Materia Medica Malaysiana

December 27, 2006

Five specialist hospitals to ease KLGH load

Filed under: Uncategorized — malaysianmedicine @ 8:30 am

Star: KUALA LUMPUR: Newly completed government hospitals will specialise in certain fields of medicine to help ease congestion at the Kuala Lumpur General Hospital (KLGH).
Health Minister Datuk Seri Dr Chua Soi Lek said the Government had this in mind when it built the new hospitals.
Five new hospitals were built in the past 10 years and each of them specialised in certain fields of medicine.
Dr Chua, who was speaking to reporters after a working visit to the newly completed Sungai Buloh Hospital, said the new hospitals were to meet the ever-growing needs of the Malaysian public.
“The public should know now that it is not necessary for them to go to the KLGH as they will be referred to the hospital that specialises in that particular ailment,” he added.
Apart from the Sungai Buloh Hospital, the other hospitals are in Ampang, Serdang, Putrajaya and Selayang.
Putrajaya Hospital will eventually specialise in endocrinology and cancer treatment.
Selayang will specialise in liver, eyes and hands surgery; Serdang in cardiology and respiratory diseases and Ampang in hematology.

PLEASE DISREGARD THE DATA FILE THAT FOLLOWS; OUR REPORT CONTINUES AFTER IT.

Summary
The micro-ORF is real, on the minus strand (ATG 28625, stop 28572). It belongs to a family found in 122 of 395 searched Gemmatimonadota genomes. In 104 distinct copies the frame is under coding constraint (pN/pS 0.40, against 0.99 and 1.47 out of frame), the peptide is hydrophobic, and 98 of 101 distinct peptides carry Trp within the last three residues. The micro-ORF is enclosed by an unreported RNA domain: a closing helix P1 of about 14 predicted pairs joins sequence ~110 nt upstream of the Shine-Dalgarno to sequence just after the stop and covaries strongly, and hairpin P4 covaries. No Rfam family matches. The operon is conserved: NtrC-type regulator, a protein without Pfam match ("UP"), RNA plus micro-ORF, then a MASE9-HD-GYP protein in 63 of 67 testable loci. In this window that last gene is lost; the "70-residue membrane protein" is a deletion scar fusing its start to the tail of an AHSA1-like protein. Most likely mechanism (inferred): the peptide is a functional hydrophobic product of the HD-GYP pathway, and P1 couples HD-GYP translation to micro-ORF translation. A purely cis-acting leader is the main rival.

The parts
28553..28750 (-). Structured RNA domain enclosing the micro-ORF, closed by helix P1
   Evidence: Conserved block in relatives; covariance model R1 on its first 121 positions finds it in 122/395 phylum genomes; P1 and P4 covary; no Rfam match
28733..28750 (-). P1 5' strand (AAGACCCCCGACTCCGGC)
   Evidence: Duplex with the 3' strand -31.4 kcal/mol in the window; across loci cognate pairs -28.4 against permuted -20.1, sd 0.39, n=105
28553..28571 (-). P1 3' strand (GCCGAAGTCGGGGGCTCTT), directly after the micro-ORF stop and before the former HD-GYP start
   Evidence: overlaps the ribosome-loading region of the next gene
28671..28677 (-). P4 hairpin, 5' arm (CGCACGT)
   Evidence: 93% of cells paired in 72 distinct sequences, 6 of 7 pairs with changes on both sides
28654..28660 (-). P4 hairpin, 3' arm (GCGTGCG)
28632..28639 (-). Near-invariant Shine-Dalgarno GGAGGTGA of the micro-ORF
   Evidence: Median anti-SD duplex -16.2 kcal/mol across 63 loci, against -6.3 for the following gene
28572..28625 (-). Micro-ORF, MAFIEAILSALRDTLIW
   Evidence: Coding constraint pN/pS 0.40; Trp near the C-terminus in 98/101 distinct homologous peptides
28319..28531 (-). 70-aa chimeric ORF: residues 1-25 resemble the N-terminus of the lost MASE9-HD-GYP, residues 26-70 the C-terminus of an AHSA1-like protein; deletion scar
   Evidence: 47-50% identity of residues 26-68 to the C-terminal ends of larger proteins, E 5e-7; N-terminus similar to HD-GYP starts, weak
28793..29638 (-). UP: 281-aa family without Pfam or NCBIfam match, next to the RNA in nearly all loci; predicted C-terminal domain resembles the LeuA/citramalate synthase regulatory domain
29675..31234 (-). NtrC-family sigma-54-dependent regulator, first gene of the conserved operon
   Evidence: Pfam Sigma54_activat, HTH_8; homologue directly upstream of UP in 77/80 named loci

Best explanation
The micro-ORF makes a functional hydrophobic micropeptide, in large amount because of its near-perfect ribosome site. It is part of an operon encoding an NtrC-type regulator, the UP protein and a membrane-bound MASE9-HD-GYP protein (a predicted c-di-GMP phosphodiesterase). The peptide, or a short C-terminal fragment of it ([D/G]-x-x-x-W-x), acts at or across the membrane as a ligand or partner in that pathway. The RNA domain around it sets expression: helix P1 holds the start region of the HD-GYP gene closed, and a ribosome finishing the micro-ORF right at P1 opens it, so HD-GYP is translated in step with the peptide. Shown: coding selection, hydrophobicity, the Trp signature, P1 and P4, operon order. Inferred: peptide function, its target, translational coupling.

Sungai Buloh Hospital would also specialise in infectious diseases, traumathology, neurosurgery, plastic surgery and spinal surgery in the near future.
Dr Chua said he was happy with his visit but noted that there were weaknesses such as shortage of trained personnel that he felt would be tackled in stages.
The RM880mil hospital that opened last October has 620 beds, 32 hospitals wards and 22 operation theatres.
Dr Chua also spoke on the issue of pork sellers threatening to strike for two weeks in protest of what they felt was double standards set by the ministry.
The Chinese daily, Nanyang Siang Pau, had reported that the pork sellers were protesting against why the ministry would fine them RM100,000 or 10 years’ jail if they were found selling pork with beta-agonist but would only quarantine the farms of pig breeders who used the banned substance.
They, however, said that they would seek a meeting with the minister before making a final decision on the proposed strike.
Dr Chua said he had six million Chinese to look after and that their interests were far greater than that of the pork sellers.
“I hope they understand that I am only doing my job,” he said.

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